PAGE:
The monsters shown in the movie are all references to original monsters in movies. Ginormica (Reese Witherspoon) is a reference to Attack of the 50 Foot Woman (1958), B.O.B. (Seth Rogen) is a reference to The Blob (1958), The Missing Link (Will Arnett) is a reference to Creature from the Black Lagoon (1954), and finally Dr. Cockroach, Ph.D (Hugh Laurie) is a reference to The Fly (1958).
For the scenes of Ginormica wandering the streets of San Francisco, a replica of the set was built, and Supervising Animator Line Korsgaard Andersen was videotaped walking around it as reference for the animators.
When the government agents arrive at the church to investigate the crash site, when the camera pans to the back of their van, when the door closes, you can see a camera crew visible in the reflection of the door.
The film has a localized version in Australia, where the News Reporter is not voiced by Ed Helms, but instead voiced by David Koch, a co-presenter of the morning show "Sunrise", seen on Channel 7 across Australia.
When Gallaxahr is talking to earth about what he is about to do, in the scene when Gallaxhar is talking in Times Square, New York City, on the top right corner, a scene from Madagascar (2005) can be seen of Marty talking to Alex.
The famous sound effect, the "Wilhelm Scream", is featured in this film. The scream was originally done in the 1950s by Sheb Wooley, who sung Flying Purple People Eater (1958), which was used in the closing credits.
The large aircraft used to transport the monsters to San Francisco is based on an actual Guppy aircraft. The first Guppy was built in 1962 for NASA by Aero Spacelines of California to transport spacecraft components.
After Susan saves B.O.B., Link, and Dr. Cockroach from being crushed on Gallaxhar's ship, after becoming Ginormica again, Dr. Cockroach says "By Hawking's chair." This is a reference to Stephen Hawking, a renowned academic, who is bound to a motorized wheelchair, due to amyotrophic lateral sclerosis, also known as Lou Gehrig's disease, or A.L.S.
Early in the movie, B.O.B is bouncing a ball off the wall of his cell. This could be a reference to Hilts, the Cooler King (Steve McQueen) from The Great Escape (1963). McQueen played Steve Andrews in The Blob (1958) (B.O.B is a parody of the Blob).
The multi-colored pads that Dr. Cockroach dances on use the same sound effects as the light-up memorization game "Simon". The dancing in sync with the lighted pads is a reference to the arcade game Dance Dance Revolution (1998), in which you do the same thing, only in sync with the on-screen prompts.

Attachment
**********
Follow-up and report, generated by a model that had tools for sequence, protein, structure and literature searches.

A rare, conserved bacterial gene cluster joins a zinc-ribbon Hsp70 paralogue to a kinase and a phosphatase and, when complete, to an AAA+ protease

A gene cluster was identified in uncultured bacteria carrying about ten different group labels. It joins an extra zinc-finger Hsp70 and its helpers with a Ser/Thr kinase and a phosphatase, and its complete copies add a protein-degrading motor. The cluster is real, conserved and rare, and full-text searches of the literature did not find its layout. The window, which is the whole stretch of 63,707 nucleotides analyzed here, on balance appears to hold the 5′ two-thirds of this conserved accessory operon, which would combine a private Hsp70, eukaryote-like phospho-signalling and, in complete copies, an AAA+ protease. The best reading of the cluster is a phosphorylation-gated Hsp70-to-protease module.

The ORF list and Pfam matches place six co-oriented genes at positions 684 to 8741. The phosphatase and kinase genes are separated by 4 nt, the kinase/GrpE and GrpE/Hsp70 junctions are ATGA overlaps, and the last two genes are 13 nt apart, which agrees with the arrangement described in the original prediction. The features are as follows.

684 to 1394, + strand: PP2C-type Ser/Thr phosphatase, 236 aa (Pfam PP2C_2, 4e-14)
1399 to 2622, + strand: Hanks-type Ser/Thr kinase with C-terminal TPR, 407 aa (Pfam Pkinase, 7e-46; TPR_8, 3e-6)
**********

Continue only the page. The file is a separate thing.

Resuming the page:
The San Francisco streetcar that Dr. Cockroach modifies with rocket engines, is an Italian-made vintage Peter Witt streetcar in the 1928 white-and-yellow color scheme. The streetcar in the movie has number #2930 (as of release, not an assigned number).
The city of Modesto, California, is depicted as a small, rural farm town in this film, when in reality, it is a bustling city, complete with a shopping mall right off the California 99 freeway, that flows through the city.
When the Monsters are fighting the alien spacecraft on the Golden Gate bridge, it shows a solid middle divider between north and south lanes. The bridge actually uses yellow removable pylons, so the amount of lanes on a given side can be adjusted for commute hours.
After being nominated without winning 10 times in the past, Dreamworks Animation finally won their first Saturn Award for Best Animated Film with this film. They'd get nominated 7 more times in the future, but only one of those 7 nominations, Puss In Boots (2011), would win.
'Renee Zellwegger''s 3rd Dreamworks Animation film, after Shark Tale (2004) and Bee Movie (2007). All those times had her voicing a Love Interest, but instead of being one to the Main Character, she voices the lady of the couple that first encounter Galaxhar's Giant Robot once it arrives on Earth.
Before turning into Ginormica, Susan Murphy (Played by Reese Witherspoon) has brown hair. This makes it the second time Reese Witherspoon has played a brunette, the first time was Walk the Line (2005), where she won an Oscar for her performance.
The trivia items below may give away important plot points.
In the scene during the closing credits, the President asks the audience if anyone wants to freeze his head. Stephen Colbert, who provided the voice of the President, gives detailed outlines on how to unfreeze his head in an apocalyptic future in his book, "I Am America and So Can You".